The Power And Division Of Powers Of The Constitution

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All 55 members of the Constitutional Convention met up in Philadelphia May 1787 trying to ratify the Articles of Confederation, but then formally decided to make a new constitution. The constitution would have a chief executive and a court system to create a strong central government piece by piece without having tyranny. A tyranny is described as harsh power in one individual. Although trying to make sure no one overpowers the country was a challenge,the delegates found a way for the constitution to protect against tyranny by having federalism, checks and balances and the division of powers. Federalism allows the states and the government to have equal amount of powers. An example for the government powers include declaring war, making immigration laws etc. On the other hand, powers given to the states are holding elections, establishing schools etc. Therefore the states and government don’t only have powers alone but they create powers together by making and enforcing different laws.…show more content…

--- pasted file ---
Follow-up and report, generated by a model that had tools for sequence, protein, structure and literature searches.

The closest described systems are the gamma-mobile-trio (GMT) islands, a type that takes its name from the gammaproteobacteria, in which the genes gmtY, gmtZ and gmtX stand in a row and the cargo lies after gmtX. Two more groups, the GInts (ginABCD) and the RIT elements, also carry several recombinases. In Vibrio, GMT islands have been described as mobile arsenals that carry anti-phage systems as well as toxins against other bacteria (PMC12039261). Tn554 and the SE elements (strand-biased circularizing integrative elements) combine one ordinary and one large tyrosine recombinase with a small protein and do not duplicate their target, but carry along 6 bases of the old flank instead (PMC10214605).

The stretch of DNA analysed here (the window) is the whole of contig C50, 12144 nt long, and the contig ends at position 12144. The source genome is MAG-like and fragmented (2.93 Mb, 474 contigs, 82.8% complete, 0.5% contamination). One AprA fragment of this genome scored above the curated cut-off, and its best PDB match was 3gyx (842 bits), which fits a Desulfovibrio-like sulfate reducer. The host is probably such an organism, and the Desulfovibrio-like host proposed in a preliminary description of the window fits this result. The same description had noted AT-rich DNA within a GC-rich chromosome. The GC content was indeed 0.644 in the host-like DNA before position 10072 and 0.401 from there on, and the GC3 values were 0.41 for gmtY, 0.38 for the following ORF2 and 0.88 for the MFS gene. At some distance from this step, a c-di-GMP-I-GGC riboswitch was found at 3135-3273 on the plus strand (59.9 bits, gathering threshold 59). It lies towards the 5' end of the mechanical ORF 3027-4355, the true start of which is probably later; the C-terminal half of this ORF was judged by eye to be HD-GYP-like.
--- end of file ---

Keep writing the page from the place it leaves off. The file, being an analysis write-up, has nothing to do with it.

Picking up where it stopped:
For example, the legislative branch can impeach the president, the executive branch can nominate judges and lastly the judicial branch can declare laws unconstitutional. Hence, the jobs of the branches allow some control. Division of powers separates the branches so power would be detached and distinct. The result of the division are the legislative, executive and judicial branches. They all have a specific jobs to do. For example, the legislative powers are given to congress the executive powers are given to the president and the judicial powers are in the hands of the supreme court. Thus, separating powers helps control the government. So, by separating the amount of power throughout the government, it protects tyranny happenings in the
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